B. Schneier, “Applied Cryptography” 1994, John Wiley & Sons pp. 241, FIG. 10.5. D. Boneh. The decision Diffie-Hellman problem. In Proceedings of the Third Algorithmic Number Theory Symposium, Lecture Notes in Computer Science, Vol. 1423, Springer-Verlag, pp. 48-63, 1998.
1. Field of the Invention
The invention relates to key establishment and distribution algorithms for cryptographic applications.
2. Description of the Prior Art: Key Establishment Protocols
The concepts, terminology and framework for understanding cryptographic key establishment protocols is given in Alfred J. Menezes, Paul C. van Oorschot, and Scott A. Vanstone, “Handbook of Applied Cryptography,” CRC Press (1997), pages 490-491.
A ‘protocol’ is a multi-party algorithm, defined by a sequence of steps specifying the actions required of two or more parties in order to achieve a specified objective.
A ‘key establishment’ protocol is a protocol whereby a shared secret becomes available to two or more parties, for subsequent cryptographic applications.
A ‘key transport’ protocol is a key establishment protocol where one party creates or obtains a secret value, and securely transfers it to the other participating parties.
A ‘key agreement’ protocol is a key establishment protocol in which a shared secret is derived by two (or more) parties as a function of information contributed by, or associated with, each of the participating parties such that no party can predetermine the resulting value.
A ‘key distribution’ protocol is a key establishment protocol whereby the established keys are completely determined a priori by initial keying material.
The Diffie-Hellman key establishment protocol (also called ‘exponential key exchange’) is a fundamental algebraic protocol. It is presented in W. Diffie and M. E. Hellman, “New Directions in Cryptography,” IEEE Transaction on Information Theory vol. IT 22 (November 1976), pp. 644-654. The Diffie-Hellman protocol provided the first practical solution to the key distribution problem, allowing two parties, never having met in advance or sharing keying material, to establish a shared secret by exchanging messages over an open channel.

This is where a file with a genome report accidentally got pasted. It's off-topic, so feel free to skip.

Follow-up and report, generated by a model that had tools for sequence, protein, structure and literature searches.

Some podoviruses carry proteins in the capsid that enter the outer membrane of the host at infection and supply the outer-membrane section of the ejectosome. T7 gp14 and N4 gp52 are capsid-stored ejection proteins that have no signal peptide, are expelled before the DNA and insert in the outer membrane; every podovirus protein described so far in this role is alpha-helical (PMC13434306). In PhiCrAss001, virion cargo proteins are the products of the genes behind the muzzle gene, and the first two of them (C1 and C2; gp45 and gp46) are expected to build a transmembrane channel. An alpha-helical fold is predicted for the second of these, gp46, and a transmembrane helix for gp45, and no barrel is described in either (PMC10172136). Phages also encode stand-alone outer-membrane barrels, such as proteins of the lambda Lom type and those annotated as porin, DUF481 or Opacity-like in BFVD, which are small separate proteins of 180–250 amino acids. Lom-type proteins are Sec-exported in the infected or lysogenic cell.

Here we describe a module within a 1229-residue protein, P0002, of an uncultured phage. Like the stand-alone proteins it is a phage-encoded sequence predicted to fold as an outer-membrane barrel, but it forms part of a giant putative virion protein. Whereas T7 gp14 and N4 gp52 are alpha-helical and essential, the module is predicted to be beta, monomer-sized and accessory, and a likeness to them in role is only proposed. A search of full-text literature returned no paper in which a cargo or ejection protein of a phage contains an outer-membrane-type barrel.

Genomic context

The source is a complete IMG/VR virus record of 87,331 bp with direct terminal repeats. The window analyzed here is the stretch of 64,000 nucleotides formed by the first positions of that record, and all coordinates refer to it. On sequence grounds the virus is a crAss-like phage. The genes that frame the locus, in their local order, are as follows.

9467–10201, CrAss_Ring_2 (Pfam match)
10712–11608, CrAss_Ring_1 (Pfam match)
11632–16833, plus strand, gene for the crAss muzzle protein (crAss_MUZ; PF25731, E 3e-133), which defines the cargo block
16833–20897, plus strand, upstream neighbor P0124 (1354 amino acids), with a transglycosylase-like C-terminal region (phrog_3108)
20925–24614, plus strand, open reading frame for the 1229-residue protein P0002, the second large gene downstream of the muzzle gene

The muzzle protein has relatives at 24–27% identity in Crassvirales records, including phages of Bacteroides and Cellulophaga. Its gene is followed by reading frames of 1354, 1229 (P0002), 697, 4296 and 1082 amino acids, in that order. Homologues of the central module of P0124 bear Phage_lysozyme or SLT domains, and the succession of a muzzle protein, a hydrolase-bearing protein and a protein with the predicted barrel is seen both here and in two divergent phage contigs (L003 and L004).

The security of this protocol rests on the intractability of the Diffie-Hellman problem and the related problem of computing discrete logarithms in the multiplicative group of the finite field GF(p) where p is a large prime, cf. Alfred J. Menezes, Paul C. van Oorschot, and Scott A. Vanstone, “Handbook of Applied Cryptography,” CRC Press (1997), page 113.
Most of known applications of Diffie-Hellman protocol deal with finite groups. Recently there emerged versions of Diffie-Hellman protocol for infinite, but yet discrete groups (see for example, U.S. Pat. No. 6,493,449 by Anshel et al), and U.S. patent application Ser. No. 10/708,197 by Berenstein and Chernyak.
Unlike approaches existing in the prior art, the present invention is based not on finite or discrete groups, but rather on the connected compact topological groups.
Brief Overview of Connected Compact Topological Groups
The basic reference for concepts, terminology and historical framework in topological semigroups and monoids are given in the monograph by J. H. Carruth and J. A. Hildebrant, The Theory of Topological Semigroups, Marcel Dekker, Inc., New York, 1983; the basic reference for concepts, terminology and historical framework in topological groups are given in the monographs by P. J. Higgins, Introduction to topological groups, Cambridge: University Press, 1974, and by John F. Price, Lie groups and compact groups, Cambridge [Eng.]; New York: Cambridge University Press, 1977.